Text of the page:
The shooting industry has been left waiting to hear the verdict on the future of lead shot, after the Department for the Environment, Food and Rural Affairs resisted calls to publish the Lead Ammunition Group’s final report.
The LAG, chaired by John Swift, sent its final report to DEFRA earlier this year after five years of deliberation. But the report was swathed in controversy as all the shooting representatives – totalling some half of the group’s membership – resigned in protest at the report’s apparent one-sided nature and at the processes the group had followed.
For example, John Batley resigned after the final report and the minutes of the group’s last meeting were withheld from him: “When I joined the group, I had the expectation that any risk assessment and proposals of mitigation would be objective, based on firm scientific evidence.
“I am sad to say my expectations have not been met and I consider my position on the group untenable.
“I understand from correspondence from the chairman that he has submitted his report. At the time of writing I have seen neither the report nor the minutes of the last meeting. Therefore I firmly believe the current report does not enjoy consensus.”
The shooting representatives – John Batley, Barney White-Spunner, Ian Coghill, Stephen Crouch and Mark Tufnell – went on to submit their own report, providing an alternative to LAG’s official story. On submitting this report, Barney White-Spunner said: “John Swift circulated a draft Lead Ammunition Group Report in April, which the majority of the group had no part in drafting. That document is very far from a reflection of the LAG’s discussions and draws incorrect conclusions from that evidence which the LAG has agreed. More seriously, many of those conclusions are based on evidence that the LAG has simply not agreed and were presented to the rest of the group as a fait accompli.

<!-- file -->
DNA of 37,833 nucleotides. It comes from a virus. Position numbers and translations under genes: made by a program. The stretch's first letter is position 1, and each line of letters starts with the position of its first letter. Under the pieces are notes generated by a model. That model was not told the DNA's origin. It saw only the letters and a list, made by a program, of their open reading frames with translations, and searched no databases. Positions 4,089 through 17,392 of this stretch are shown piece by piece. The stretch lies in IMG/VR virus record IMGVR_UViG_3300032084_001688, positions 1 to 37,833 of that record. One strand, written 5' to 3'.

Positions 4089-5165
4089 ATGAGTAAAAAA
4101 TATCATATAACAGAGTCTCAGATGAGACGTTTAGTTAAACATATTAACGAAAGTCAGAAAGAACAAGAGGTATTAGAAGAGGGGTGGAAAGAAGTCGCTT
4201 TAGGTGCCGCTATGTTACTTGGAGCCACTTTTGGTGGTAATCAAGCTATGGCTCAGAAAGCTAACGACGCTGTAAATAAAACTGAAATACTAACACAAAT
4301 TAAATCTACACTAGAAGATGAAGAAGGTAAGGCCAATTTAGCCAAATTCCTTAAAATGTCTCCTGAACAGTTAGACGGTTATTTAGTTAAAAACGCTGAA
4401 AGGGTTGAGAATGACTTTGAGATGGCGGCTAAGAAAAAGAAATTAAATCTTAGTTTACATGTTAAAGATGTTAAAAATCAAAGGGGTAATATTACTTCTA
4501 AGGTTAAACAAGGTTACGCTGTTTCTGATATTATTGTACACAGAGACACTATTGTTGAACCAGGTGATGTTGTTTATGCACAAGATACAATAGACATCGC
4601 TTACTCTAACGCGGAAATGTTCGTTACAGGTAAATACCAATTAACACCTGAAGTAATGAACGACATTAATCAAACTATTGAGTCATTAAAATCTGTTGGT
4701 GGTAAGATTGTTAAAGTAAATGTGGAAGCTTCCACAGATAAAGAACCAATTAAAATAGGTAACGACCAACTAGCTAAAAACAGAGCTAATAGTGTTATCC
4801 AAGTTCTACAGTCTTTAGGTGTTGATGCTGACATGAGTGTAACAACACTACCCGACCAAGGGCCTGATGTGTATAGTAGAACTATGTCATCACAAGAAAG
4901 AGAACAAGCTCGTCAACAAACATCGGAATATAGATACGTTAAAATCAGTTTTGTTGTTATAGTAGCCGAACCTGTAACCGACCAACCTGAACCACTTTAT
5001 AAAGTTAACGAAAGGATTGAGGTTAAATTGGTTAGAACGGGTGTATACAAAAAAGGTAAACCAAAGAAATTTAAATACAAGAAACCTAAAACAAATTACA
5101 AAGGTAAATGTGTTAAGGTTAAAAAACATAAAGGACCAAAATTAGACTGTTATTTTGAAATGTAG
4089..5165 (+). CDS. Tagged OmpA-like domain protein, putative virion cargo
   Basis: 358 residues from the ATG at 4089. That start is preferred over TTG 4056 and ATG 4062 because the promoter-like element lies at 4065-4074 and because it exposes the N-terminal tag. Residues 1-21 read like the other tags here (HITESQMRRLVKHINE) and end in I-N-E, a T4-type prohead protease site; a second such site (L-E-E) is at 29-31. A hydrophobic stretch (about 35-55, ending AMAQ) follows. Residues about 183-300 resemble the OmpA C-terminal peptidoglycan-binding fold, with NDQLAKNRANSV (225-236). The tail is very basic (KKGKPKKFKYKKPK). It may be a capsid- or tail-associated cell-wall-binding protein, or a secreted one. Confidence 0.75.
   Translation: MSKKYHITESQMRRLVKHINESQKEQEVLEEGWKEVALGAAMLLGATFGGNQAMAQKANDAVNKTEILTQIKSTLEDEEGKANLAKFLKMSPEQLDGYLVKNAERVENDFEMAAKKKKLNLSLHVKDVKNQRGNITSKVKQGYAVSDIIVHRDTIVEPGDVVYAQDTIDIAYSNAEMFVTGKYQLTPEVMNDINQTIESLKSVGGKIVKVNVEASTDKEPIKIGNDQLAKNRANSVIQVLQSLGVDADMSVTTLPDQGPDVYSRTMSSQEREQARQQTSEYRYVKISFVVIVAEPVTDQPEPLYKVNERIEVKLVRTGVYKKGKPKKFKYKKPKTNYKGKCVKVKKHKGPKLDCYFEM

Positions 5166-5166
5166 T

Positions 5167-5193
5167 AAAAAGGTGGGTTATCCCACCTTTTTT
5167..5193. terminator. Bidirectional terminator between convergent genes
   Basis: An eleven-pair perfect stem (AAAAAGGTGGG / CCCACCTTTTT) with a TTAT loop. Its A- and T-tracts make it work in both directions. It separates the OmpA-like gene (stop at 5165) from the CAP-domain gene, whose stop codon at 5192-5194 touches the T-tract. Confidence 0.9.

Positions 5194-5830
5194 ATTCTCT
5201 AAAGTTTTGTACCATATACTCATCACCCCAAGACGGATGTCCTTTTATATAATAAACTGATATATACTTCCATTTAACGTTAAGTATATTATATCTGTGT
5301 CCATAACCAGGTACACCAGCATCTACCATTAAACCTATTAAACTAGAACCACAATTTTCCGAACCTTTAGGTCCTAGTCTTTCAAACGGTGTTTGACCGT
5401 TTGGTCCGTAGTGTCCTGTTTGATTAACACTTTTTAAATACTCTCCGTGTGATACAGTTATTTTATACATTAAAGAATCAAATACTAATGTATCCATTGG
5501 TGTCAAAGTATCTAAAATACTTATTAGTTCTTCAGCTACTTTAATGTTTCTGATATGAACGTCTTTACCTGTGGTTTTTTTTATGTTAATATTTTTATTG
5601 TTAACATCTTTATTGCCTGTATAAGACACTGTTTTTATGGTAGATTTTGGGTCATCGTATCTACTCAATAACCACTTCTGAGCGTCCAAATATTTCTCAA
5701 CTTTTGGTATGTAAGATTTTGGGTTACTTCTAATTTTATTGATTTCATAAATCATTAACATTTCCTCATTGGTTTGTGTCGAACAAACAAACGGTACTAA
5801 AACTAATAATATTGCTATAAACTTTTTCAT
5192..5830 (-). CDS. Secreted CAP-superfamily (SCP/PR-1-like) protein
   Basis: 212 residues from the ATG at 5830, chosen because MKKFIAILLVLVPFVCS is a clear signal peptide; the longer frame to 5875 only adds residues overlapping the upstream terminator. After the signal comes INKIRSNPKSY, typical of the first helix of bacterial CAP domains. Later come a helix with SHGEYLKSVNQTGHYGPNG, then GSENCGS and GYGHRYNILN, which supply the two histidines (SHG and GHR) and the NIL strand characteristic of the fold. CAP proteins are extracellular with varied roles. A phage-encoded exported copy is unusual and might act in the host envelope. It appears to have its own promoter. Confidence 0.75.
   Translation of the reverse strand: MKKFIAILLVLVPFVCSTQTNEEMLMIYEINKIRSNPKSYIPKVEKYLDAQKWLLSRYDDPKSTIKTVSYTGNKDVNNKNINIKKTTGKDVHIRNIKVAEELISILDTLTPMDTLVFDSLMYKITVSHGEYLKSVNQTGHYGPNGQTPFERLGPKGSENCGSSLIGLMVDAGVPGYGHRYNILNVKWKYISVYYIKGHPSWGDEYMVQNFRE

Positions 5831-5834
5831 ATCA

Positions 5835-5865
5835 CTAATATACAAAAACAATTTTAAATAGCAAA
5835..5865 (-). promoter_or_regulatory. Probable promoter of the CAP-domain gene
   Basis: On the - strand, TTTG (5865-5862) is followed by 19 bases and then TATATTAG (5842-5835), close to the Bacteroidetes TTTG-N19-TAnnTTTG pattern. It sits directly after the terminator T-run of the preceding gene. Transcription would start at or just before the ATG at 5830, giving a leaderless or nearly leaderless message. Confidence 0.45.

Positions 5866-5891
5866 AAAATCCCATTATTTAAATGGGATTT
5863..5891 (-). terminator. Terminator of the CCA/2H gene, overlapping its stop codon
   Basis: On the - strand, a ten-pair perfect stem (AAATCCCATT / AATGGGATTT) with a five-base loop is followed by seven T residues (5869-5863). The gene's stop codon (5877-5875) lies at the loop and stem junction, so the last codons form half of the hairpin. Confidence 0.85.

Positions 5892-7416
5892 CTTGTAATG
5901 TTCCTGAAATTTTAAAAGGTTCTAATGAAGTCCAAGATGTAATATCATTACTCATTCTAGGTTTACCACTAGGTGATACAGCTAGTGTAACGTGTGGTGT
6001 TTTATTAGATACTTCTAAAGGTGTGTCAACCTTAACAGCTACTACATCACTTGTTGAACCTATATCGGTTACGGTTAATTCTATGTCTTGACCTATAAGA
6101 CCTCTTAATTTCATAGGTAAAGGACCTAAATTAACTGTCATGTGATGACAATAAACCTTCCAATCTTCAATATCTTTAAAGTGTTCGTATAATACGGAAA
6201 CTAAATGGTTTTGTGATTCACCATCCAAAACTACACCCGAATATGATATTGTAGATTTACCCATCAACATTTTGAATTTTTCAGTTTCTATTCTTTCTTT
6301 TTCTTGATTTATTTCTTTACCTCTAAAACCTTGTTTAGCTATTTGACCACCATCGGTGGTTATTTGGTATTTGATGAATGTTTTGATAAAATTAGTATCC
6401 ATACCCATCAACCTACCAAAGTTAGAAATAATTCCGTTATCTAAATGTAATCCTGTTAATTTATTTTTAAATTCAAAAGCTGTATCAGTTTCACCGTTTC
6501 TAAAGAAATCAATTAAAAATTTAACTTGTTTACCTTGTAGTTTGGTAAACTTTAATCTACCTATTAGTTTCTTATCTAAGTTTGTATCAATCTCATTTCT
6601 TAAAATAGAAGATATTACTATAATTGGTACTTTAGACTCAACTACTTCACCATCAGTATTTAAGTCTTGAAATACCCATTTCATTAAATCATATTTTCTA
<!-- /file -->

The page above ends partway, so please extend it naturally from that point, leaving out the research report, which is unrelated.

“The LAG was intended to put a consensus view to DEFRA. It has manifestly failed to do that. I do not think DEFRA can accept a report that is so procedurally flawed and from a group of which the majority of members have resigned.”
DEFRA has been considering both reports since June, and is yet to make a public statement on the subject. In addition, it won’t even reveal what was in the official LAG report, rejecting a Freedom of Information request to publish it: “The LAG report has yet to be peer reviewed. When the report has completed that review and is finalised, it will be used to formulate and develop government policy.
“There is a strong public interest in withholding the report to ensure that there is a space within which ministers and officials are able to discuss all policy options freely. It would not be in the public interest to release the report as that would, or would likely, prejudice the formulation and development of government policy by prompting uninformed comment and speculation, which would likely lead to ministers and officials having to divert their attention to such comments and debates, which, in turn, would distract them from considering the policy options.”
Despite this silence, most of the shooting industry has come to expect that the LAG’s official report will call for a total lead ban. This has been clear since early in 2015, when emails from a LAG member said the report was set to conclude that “lead ammunition is harmful for both wildlife and human health” and alternatives are available “at comparable cost”.
The sender went on to say: “The dispersal of some thousands of tons of an accumulative, seriously toxic material every year is quite simply an insupportable thing to be doing for purposes of recreation and sport – especially if there are now alternatives that can well be used.
“I have not seen anything that would persuade me otherwise.”
At the time, chairman John Swift admitted these emails were “a warning that the evidence is pointing towards a lead-free future.”
A response from DEFRA is awaited.